History of Wine: The World’s Oldest Winery

In our previous History of Wine article, we investigated the world’s oldest known wines. The traces of these wines were often found in jars but there was very little to indicate exactly how and why they were produced. Whilst some of the wine creation was thought to be incidental, other evidence suggested more of an intentional production.

However, it was only in 2010 that the first concrete (or rather stone) evidence of a winery was found. In this part of the History of Wine series we’ll be investigating the ‘world’s oldest winery’.

Today’s modern wineries can be found around the world, often surrounded by vineyards and filled to the brim with sophisticated winemaking equipment and technology. Although we know that large scale production has been occurring for centuries, you may be surprised to know that the world’s oldest known winery dates actually back to 4100 BC! The relics of the winery were discovered in a cave located in the Yeghegnadzor region in Armenia.

World’s Oldest Winery: The Areni-1 Cave

The world’s oldest winery was discovered in the so-called Areni-1 cave. Located in the town of Areni in southern Armenia, the cave was discovered in 2010 by a team of Armenian, Irish and US archaeologists. Although winemaking equipment was first detected in 2007, it was only when the excavations were completed in 2010 that the archaeologists discovered the full magnitude of the Areni-1 cave complex.

world's oldest winery

Source: nationalgeographic.com

Upon initial discovery, the ceiling of the cave had collapsed. This meant that the findings were preserved under a layer of rock. Underneath lay an extraordinary discovery… The researchers found rudimentary fermentation vats, storage jars, cups, and a wine press. They even found the preserved seeds and vines of the grapes used to produce the wine. Further excavation revealed a large, 2-foot-deep vat buried next to a shallow 3.5-foot-long basin made of hard-packed clay with elevated edges. This is believed to be where the winemaking took place.

As we mentioned, one of the things deemed most noteworthy about this site was that it appears that it was used to produce wine in commercial quantities. Not only that, it also shows just how important wine was to the people who lived in the region at the time. Just think of how much time and effort it must have taken to create the winery. Yet, it would have only been in use once a year when the grapes were harvested.

You may think that this merely shows just how keen the prehistoric people were for a steady supply of the good stuff. However, there may have been more meaningful reasoning for the creation of the world’s oldest winery…

Wine For The Dead?

Researchers believe that the wine created in the Areni-1 cave may have also been used for ritual purposes. In addition to winemaking equipment found in the cave, burial pits were also found nearby. This led to the scientists suggesting that the wine could have been drunk to appease the dead or sprinkled on bodies when they were buried. In fact, future studies are planned to explore the links between the burials and winemaking.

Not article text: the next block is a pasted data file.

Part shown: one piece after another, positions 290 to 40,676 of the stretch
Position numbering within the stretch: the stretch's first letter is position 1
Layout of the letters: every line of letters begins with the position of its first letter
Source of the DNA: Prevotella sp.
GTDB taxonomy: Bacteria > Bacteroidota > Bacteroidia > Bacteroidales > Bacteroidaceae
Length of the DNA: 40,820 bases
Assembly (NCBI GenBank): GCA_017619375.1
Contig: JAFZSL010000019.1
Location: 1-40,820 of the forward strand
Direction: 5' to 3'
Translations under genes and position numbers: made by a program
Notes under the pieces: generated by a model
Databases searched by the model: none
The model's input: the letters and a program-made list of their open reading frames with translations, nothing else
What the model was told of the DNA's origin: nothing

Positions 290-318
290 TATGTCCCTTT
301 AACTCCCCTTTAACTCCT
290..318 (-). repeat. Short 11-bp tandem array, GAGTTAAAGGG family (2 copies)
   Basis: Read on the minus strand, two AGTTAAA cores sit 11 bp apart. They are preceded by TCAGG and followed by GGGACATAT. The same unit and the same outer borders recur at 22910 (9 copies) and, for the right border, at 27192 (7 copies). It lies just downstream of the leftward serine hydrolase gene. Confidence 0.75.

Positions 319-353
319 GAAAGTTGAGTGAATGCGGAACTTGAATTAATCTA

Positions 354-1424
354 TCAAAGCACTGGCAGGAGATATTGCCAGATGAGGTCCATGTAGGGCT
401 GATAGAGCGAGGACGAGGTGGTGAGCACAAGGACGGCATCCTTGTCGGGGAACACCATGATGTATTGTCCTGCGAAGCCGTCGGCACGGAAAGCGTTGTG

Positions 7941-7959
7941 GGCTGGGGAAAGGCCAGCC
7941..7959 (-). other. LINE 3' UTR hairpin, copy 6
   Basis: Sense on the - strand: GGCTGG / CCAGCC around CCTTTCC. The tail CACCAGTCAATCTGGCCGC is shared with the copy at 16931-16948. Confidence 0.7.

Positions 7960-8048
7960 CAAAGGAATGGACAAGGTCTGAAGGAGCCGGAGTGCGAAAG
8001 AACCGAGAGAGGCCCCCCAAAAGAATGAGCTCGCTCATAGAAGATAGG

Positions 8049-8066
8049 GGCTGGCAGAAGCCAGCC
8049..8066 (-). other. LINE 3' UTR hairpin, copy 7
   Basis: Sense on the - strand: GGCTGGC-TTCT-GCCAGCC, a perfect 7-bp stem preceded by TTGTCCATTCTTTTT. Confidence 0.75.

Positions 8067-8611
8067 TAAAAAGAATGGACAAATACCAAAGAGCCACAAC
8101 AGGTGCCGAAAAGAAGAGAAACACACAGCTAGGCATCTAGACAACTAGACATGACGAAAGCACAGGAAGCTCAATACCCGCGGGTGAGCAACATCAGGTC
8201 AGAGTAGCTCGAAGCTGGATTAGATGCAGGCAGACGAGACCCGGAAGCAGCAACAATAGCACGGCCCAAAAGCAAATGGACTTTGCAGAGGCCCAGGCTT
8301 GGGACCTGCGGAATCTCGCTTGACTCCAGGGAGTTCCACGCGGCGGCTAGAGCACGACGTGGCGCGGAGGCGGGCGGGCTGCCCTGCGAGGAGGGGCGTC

world's oldest winery

Source: atlasobscura.com

The Ancient Winemaking Process

 You’re probably wondering exactly how the wine was produced in the world’s oldest winery. Well according to Gregory Areshian, one of the archaeologists who led the excavation, it’s thought that it was quite sophisticated.

It was proposed that the prehistoric winemakers would press the grapes using their feet in the shallow 3.5-foot-long basin that was found. The juices would then drain into the 2-foot-deep vat and be left to ferment into wine. Once this process was complete then the wine would have been placed into jars and stored in the cave. The cave would have been cool and dry, making it a perfect wine cellar!

 What Did the Wine Taste Like?

The archaeologists wanted to be certain that they’d found the world’s oldest winery. As a result, they had to chemically analyse the pottery shards of the vats and jars that they’d found. The tests that were completed to find wine residues revealed something rather interesting…

Traces of malvidin were found on the pottery shards. Malvidin is a plant pigment that’s responsible for red wine’s colour. Indeed, ancient wine expert Patrick McGovern believes that the wine made in these caves may have been a dry red. He noted that the grape may have tasted similar to ancient Georgian varieties of grape. These Georgian grapes appear to to be the ancestors of the Pinot Noir grape. Sounds good to us!


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